Your browser has javascript turned off or blocked. This will lead to some parts of our website to not work properly or at all. Turn on javascript for best performance.

The browser you are using is not supported by this website. All versions of Internet Explorer are no longer supported, either by us or Microsoft (read more here: https://www.microsoft.com/en-us/microsoft-365/windows/end-of-ie-support).

Please use a modern browser to fully experience our website, such as the newest versions of Edge, Chrome, Firefox or Safari etc.

Default user image.

Göran Frank

Director of graduate studies

Default user image.

Drop size distribution and LWC in Po valley fog

Author

  • Manfred Wendish
  • Stephan Mertes
  • Jost Heintzenberg
  • Alfred Wiedensohler
  • Dieter Schell
  • Wolfram Wobrock
  • Göran Frank
  • Bengt G. Martinsson
  • Sandro Fuzzi
  • Giordano Orsi
  • Gerard Kos
  • Axel Berner

Summary, in English

In this paper results are presented of ground-based fog microphysical measurements obtained during the CHEMDROP experiment in the Po Valley (Northern Italy) in November 1994. Altogether about 85 hours of drop microphysical data are analyzed. At the beginning of the experiment a comparison of some of the different microphysical instruments, operated during the experiment, was performed. It has revealed some differences between the Liquid Water Content LWC measured by Particle Volume Monitors (PVMs), and by several Forward Scattering Spectrometer Probes (FSSPs). Possible explanations for the discrepancies are discussed. The FSSP derived drop size distributions (number and mass) were parameterized in terms of log-normal distributions. The statistical analysis of the fittings has shown that the overwhelming majority of the drop mass size distributions was characterized by a bimodal shape. The most frequent values of the mode parameters (median diameter, geometric standard deviation) are given in Table 3 of this paper. An investigation of the temporal evolution of the drop size distribution revealed two typical phases of fog formation. In the first step both modes of the drop mass size distribution increase more or less uniform, whereas in the second phase the large drop mode drastically rises. Furthermore, the second phase is characterized by quasi-periodic oscillations in nearly all mode parameters of the drop size distribution with a period between ten and 15 minutes. In the last part of the paper the frequent occurrence of drizzle within the fog was studied by comparing the measurements with respective model calculations.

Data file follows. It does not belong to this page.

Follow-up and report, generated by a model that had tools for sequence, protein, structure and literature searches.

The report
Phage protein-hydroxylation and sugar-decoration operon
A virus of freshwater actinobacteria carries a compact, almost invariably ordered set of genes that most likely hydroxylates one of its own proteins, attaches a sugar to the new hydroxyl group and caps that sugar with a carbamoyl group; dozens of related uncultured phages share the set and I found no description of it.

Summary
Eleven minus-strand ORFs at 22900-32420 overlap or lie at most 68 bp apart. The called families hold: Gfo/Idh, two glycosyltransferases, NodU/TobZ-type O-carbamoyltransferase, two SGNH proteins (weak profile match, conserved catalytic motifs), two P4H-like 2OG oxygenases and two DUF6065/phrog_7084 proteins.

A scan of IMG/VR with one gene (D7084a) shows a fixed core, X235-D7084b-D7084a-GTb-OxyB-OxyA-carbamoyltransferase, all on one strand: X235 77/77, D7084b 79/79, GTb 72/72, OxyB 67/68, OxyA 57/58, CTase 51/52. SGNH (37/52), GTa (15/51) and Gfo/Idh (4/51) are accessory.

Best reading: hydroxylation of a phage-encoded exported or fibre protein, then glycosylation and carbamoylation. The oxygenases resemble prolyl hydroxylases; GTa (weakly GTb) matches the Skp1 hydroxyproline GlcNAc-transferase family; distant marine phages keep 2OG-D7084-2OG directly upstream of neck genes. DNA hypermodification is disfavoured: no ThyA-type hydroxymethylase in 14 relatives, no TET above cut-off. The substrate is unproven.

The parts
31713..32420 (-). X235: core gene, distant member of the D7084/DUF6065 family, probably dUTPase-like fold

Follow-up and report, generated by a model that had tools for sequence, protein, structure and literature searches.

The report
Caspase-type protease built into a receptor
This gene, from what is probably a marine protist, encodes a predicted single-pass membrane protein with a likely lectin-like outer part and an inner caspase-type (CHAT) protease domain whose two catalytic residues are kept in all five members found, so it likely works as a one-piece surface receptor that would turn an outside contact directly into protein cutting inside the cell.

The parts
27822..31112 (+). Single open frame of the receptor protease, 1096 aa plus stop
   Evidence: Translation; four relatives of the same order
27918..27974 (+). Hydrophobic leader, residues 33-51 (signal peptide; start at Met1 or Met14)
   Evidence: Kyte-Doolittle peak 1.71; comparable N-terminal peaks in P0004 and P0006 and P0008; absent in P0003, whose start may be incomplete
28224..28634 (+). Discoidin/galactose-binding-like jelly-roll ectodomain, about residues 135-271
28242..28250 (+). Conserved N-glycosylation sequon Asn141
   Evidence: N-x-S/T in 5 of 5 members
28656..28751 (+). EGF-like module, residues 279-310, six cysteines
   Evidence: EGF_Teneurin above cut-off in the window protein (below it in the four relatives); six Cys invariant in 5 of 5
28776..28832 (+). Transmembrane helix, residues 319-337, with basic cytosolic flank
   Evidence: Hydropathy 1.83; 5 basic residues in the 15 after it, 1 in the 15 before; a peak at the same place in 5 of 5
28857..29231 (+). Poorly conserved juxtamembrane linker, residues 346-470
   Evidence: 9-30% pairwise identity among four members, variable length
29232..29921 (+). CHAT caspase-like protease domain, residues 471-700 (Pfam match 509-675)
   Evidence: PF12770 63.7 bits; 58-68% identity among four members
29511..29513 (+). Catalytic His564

Department/s

  • Nuclear physics
  • Ergonomics and Aerosol Technology

Publishing year

1998-02-01

Language

English

Pages

87-100

Publication/Series

Contributions to Atmospheric Physics

Volume

71

Issue

1

Document type

Journal article

Publisher

Deutsche Meteorologische Gesellschaft / Friedr. Vieweg & Sohn Verlagsgesellschaft mbh

Topic

  • Other Physics Topics

Status

Published

ISBN/ISSN/Other

  • ISSN: 0005-8173